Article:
“would not support anything that increases the risk of criminal gun activity”.

It’s good to see that if we ban silencers the criminals won’t use them. These people need a reality check big time.

That’s why we’re pursuing the court option by supporting the farmer fighting the Government in QCAT etc. - if they rule he is allowed a suppressor, then it doesn’t really matter what the Government thinks about the subject.

Also: Make a note of the comments in that story and remember them when election time rolls around later this year. Both the majors dislike (or even hate) shooters, so we - all of us, working together - need to put them last on the ballot.


As will always be the case, there are skeptics who go as far as denigrating actions which they believe will not have an outcome that will improve their lot, or that politicians “will never entertain such an idea”.
Of course, if one chooses to take no affirmative action, then it must follow that nothing will ever happen, one way or the other.
So far, a lowly 2,700 Queenslanders have signed this electronic petition
It’s possibly are fair bet that some of those will not even have a firearms licence, so the number is really quite pathetic.
The petition does not close until March 6th, so even if you still want to be a skeptic, there really is no reason not to add your name. Let’s see a few tens of thousands more petitioners on the list, or are there only a couple of thousand shooters who value their hearing?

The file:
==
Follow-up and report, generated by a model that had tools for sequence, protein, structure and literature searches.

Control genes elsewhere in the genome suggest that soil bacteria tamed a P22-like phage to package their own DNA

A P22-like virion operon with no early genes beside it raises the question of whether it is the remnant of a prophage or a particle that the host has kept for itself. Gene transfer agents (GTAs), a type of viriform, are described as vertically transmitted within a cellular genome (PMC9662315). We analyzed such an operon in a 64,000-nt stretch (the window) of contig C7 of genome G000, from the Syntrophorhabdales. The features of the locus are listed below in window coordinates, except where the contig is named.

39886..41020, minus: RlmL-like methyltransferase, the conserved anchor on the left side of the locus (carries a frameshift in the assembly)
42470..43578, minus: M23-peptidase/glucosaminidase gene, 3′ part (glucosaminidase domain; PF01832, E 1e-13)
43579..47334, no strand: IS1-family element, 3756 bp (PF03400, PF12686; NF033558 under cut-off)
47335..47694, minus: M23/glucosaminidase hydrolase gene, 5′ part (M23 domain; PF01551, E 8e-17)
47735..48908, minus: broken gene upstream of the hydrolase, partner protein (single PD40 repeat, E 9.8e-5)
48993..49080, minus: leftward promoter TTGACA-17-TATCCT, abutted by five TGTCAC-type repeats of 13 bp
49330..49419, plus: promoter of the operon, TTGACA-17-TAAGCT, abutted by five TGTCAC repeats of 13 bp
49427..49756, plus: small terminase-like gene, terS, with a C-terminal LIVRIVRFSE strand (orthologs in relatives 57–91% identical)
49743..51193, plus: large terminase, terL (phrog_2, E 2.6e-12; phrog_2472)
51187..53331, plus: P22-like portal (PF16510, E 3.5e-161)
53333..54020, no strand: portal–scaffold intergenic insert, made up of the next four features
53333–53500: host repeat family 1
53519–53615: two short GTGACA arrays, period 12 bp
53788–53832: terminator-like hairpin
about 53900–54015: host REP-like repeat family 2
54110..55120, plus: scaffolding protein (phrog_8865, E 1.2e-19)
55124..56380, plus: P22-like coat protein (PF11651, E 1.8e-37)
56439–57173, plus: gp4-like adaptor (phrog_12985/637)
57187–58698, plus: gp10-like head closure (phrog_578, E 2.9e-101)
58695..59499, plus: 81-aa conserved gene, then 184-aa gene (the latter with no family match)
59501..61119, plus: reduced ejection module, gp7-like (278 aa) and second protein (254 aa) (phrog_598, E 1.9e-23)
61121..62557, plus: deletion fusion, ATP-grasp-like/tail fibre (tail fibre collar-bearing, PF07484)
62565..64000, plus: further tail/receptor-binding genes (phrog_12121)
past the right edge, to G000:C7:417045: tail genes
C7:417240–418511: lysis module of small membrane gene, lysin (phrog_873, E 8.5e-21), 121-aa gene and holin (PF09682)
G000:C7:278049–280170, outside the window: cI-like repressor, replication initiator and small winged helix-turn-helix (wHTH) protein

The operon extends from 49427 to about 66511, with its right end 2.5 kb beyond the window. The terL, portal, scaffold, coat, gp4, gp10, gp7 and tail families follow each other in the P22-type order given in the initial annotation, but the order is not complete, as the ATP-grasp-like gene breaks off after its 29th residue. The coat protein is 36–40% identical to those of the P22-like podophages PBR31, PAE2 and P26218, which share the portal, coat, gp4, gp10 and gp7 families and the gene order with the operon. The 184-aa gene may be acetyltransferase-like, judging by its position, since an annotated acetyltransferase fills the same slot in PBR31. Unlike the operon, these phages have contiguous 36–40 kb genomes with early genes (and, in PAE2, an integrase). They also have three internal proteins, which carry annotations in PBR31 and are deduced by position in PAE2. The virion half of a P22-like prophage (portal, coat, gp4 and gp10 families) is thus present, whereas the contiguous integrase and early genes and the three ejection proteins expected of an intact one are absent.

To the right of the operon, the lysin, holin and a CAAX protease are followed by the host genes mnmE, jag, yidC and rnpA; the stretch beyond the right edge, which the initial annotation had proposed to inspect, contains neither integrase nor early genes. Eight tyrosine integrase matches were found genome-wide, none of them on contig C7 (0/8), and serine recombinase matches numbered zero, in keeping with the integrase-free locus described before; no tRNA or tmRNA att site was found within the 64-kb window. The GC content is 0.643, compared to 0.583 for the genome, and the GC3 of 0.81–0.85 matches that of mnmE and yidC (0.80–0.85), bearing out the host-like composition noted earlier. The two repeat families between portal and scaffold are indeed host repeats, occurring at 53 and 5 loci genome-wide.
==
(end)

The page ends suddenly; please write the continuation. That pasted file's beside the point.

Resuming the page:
My guess would be that a lot of people don’t even know the petition exists. This is where EVERY shooting club/group like SU and SSAA (to name a couple) should be emailing this petition and ones like it out to every member on their books. To really get results you NEED to spread the word.
We need to stick together and the ones with the databases of all our contact details are the only ones capable of spreading the word & making it happen.

Both sides of Government are on record as saying they will not support the petition, so no matter how many people sign it, it’s not going to achieve anything at all, unfortunately.

To the best of our knowledge there are almost no examples of a petition in Queensland in the last decade or so actually bringing about legislative change.

A list of closed e-petitions is here: and you can read the official responses to them, which in pretty much every case on the first page - including to a petition with 109,000 signatures calling for a reduction in vehicle registration cost increases - is some variation of “No” or “Oh well”.

If that’s the case then it’s a shame. But if you think of it they way a pollie would then 50,000 VOTERS saying something by signing a petition compared to 2500 will stick in their minds a little more. I wonder just how many combined members all the clubs like SU and SSAA have who could be group emailed at the touch of a button??? Even if it does nothing it still can’t hurt.

As a member i can tell you i wouldn’t mind getting an email when it’s time to sign a petition or stand together in some way.

Reasonably easy to set up a portal like that.

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Yep, i mean we all get emailed the agm newsletter and things like that so how hard could it be. Add a little comment saying “even if the particular issue isn’t relevant to you personally, as a shooter lets stand together and sign.”

Look how well the posting of these things work on a small scale by being brought up on forums like this one, but i’d guess only a small percentage of shooters would be on forums so the word only gets so far.